Strategic Exchange: The 25% tariff on China-produced LVT has been reinstated - Aug/Sept 2020
By Kemp Harr
Back in November 2019, when the tariff exclusion for China-produced “click” LVT was granted, we were told that the exemption was valid until August 7, 2020, and on that date, it would either expire or be extended. Right before press time for this issue, we learned the exemption has expired for flooring products, and the 25% tariff has been reinstated, effective immediately.
For the past six weeks, industry leaders have been debating whether or not the United States Trade Representative (USTR) would extend the tariff exclusion, and now we know. As a result of this news, the wholesale pricing for all vinyl flooring that had been exempted will likely rise 10% to 15%.
Folks close to the guidelines for these Section 301 tariffs knew that exclusions would only be granted for a couple of reasons. Those filing applications had to prove:
“Whether the particular product is available only from China. In addressing this factor, requesters should address specifically whether the particular product and/or a comparable product is available from sources in the United States and/or in third countries.” or
“Whether the imposition of additional duties on the particular product would cause severe economic harm to the requester or other U.S. interests.” (USTR Guidelines)
When the exclusion was granted last November, it was Cali Bamboo that was cited as the applicant, and now, with hindsight, we have to assume it was for the latter reason. We know, for example, that several major companies like Home Depot and Shaw Industries also filed for exclusions for the same class of products, but their applications were not mentioned when the exclusion was allowed. These larger companies have such a diverse product offering that one can assume the USTR didn’t think the tariff would “cause severe economic harm” to these bigger firms. We know, for example, that floorcovering only represents about 6% of Home Depot’s total revenue, so LVT, although the fastest growing category, would be substantially less of a factor.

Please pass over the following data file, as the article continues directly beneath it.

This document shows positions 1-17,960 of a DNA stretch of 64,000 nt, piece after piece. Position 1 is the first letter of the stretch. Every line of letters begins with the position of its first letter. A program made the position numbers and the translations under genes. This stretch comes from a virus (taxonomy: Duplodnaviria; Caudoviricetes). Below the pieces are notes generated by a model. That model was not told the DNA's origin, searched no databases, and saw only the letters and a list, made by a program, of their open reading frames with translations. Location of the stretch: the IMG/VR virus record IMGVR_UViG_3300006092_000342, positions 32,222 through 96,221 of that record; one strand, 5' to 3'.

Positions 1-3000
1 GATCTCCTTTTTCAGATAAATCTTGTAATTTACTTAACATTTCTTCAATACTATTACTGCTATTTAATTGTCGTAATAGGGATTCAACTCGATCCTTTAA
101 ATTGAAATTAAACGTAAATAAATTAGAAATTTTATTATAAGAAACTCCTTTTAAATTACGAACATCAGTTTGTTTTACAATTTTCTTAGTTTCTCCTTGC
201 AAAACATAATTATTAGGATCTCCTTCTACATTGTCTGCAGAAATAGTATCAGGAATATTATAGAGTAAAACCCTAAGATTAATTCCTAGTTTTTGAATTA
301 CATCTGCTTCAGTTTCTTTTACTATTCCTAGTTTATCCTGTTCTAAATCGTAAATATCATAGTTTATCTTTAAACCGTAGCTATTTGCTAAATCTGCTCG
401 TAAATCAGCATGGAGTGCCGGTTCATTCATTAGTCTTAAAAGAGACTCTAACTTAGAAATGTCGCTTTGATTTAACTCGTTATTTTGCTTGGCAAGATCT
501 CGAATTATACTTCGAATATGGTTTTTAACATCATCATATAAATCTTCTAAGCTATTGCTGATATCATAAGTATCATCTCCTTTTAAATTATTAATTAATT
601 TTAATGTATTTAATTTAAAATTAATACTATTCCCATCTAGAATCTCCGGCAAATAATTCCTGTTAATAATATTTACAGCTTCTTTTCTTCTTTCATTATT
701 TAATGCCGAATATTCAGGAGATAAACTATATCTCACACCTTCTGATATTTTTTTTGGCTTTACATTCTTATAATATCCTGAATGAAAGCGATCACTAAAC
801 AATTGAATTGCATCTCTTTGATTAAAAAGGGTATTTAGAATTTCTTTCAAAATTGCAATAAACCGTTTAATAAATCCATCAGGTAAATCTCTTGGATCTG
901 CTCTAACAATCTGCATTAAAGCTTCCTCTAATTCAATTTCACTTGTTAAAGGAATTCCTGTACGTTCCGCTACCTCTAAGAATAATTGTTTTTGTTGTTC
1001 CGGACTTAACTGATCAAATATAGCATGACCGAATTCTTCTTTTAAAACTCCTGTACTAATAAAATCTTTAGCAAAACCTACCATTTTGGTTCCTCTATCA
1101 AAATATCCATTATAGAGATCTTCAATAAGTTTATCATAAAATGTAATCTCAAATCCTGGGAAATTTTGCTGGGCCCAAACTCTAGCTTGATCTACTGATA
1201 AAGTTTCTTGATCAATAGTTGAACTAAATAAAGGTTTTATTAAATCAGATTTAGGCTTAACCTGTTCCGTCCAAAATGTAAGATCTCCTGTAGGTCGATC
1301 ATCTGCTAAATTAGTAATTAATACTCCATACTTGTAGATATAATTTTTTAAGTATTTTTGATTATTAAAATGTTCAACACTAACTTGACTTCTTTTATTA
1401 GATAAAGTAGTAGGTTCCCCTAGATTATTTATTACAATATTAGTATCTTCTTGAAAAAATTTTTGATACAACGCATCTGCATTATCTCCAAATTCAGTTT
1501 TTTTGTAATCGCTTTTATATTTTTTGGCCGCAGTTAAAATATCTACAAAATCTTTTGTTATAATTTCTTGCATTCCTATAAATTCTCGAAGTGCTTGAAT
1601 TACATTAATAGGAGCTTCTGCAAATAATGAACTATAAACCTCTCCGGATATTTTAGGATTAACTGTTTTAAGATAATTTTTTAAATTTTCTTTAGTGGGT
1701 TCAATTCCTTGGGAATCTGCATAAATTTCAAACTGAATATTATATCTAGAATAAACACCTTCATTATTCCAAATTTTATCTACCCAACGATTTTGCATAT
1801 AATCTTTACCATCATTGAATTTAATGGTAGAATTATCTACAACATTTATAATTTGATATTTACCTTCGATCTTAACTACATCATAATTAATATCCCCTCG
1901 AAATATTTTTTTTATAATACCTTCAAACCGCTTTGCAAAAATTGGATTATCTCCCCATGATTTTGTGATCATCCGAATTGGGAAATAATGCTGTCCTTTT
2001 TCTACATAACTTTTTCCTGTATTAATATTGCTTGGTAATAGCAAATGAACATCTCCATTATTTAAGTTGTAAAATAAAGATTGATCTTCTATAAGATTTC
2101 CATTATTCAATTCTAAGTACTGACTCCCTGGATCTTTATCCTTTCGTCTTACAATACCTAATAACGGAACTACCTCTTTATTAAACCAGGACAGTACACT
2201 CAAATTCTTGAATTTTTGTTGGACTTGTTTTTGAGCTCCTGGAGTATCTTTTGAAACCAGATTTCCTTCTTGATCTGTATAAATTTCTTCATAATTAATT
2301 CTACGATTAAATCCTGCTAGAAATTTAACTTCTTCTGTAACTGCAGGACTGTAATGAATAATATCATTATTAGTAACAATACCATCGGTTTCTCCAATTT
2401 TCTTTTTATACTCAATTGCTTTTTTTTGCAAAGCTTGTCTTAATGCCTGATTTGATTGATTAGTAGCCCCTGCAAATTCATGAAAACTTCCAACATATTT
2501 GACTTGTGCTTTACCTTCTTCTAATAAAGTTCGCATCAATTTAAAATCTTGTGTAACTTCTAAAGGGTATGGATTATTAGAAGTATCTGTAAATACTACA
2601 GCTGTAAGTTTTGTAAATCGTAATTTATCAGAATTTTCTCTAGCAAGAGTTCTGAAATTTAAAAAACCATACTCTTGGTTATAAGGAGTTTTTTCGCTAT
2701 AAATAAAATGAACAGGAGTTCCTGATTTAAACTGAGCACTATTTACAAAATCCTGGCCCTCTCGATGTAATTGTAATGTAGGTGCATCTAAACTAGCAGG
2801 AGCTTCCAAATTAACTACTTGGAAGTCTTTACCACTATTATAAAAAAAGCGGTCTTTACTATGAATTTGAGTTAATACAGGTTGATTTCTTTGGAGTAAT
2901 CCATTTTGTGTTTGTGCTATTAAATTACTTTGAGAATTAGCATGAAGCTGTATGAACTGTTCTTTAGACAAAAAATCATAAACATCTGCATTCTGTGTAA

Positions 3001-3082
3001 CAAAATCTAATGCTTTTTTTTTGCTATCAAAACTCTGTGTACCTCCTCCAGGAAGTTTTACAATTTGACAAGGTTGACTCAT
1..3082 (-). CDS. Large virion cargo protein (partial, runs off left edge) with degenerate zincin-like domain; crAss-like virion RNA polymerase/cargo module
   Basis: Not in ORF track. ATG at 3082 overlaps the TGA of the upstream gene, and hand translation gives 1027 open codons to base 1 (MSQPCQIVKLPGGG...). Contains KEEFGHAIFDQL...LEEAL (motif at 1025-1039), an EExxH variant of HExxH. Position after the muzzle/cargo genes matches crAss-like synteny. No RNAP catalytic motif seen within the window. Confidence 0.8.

Nearly everyone in the industry agrees that, as of today, there is not enough capacity for rigid LVT outside of China to satisfy the U.S. demand for it. And now that we’ve learned the tariffs are back on, we must assume that the USTR feels there is at least enough supply of “comparable product” to meet the demands of the American consumer.
This deductive reasoning could perhaps be giving our federal government too much credit. Much has happened in the world since last November when the exclusion was granted. A few of the industry pundits that I’ve talked to feel there could be much more to this decision than meets the eye. There is no denying that this is an election year, and relationships with China have been deteriorating for multiple reasons. Oddly however, there were 250 items on a list published on August 6 that were granted an extended exclusion. And no one has explained why LVT wasn’t on the list.
Moving forward, it’s safe to assume that the American consumer is going to be paying about a buck (per square foot) more for LVT at retail. Naturally, this narrows the pricing gap between LVT and hardwood and ceramic and also makes carpet sound like a much more affordable choice. Time will tell, and it will be interesting to see if the price escalation puts a dent in the growth of LVT or changes the value equation for the products that have been losing share at the expense of LVT.
There is no denying this tariff will accelerate the shift away from Chinese-made LVT flooring. We highlighted, in this column last month, the vast number of Chinese producers that have announced plans to build manufacturing facilities in Northwest Georgia. Some of those plans are being delayed, however, because the coronavirus is curtailing the free flow of travel required to transfer the manufacturing expertise to the new U.S. operations.
RETAILERS WHO ADAPT WILL SURPASS THOSE THAT DON’T
I read the other day where the three most unlucky numbers were 13, 666 and 2020. We are clearly in a crisis situation thanks to this coronavirus, and change is inevitable. Fortunes will shift to those who can adapt and skate to where the puck is headed. The American consumer is relegated, in the interest of their own safety, to shopping online. Editor Meg Scarbrough covers this topic well in The Changing Consumer, which starts on page 69, and Doug Chadderdon, the CEO of 20 Great Floors stores in the Pacific Northwest, and I discussed this topic in a recent FloorDaily podcast.
The good news is that flooring sales are strong because the home is the new family oasis, and dollars that were spent in other areas are now being spent on upgrading the home. But the buying process has changed, and if you haven’t upgraded your web portal, you’re going to be passed by those that have. Get some help fast. Tell people who you are; set them at ease by letting them know that you are there to help; don’t lie to them with bogus promotions like buy-one-room-get-the-second-room-free; and don’t let some supplier talk you into an ad box that flies in and interrupts the shopping process.
If you have any comments about this month’s column, you can email me at firstname.lastname@example.org.
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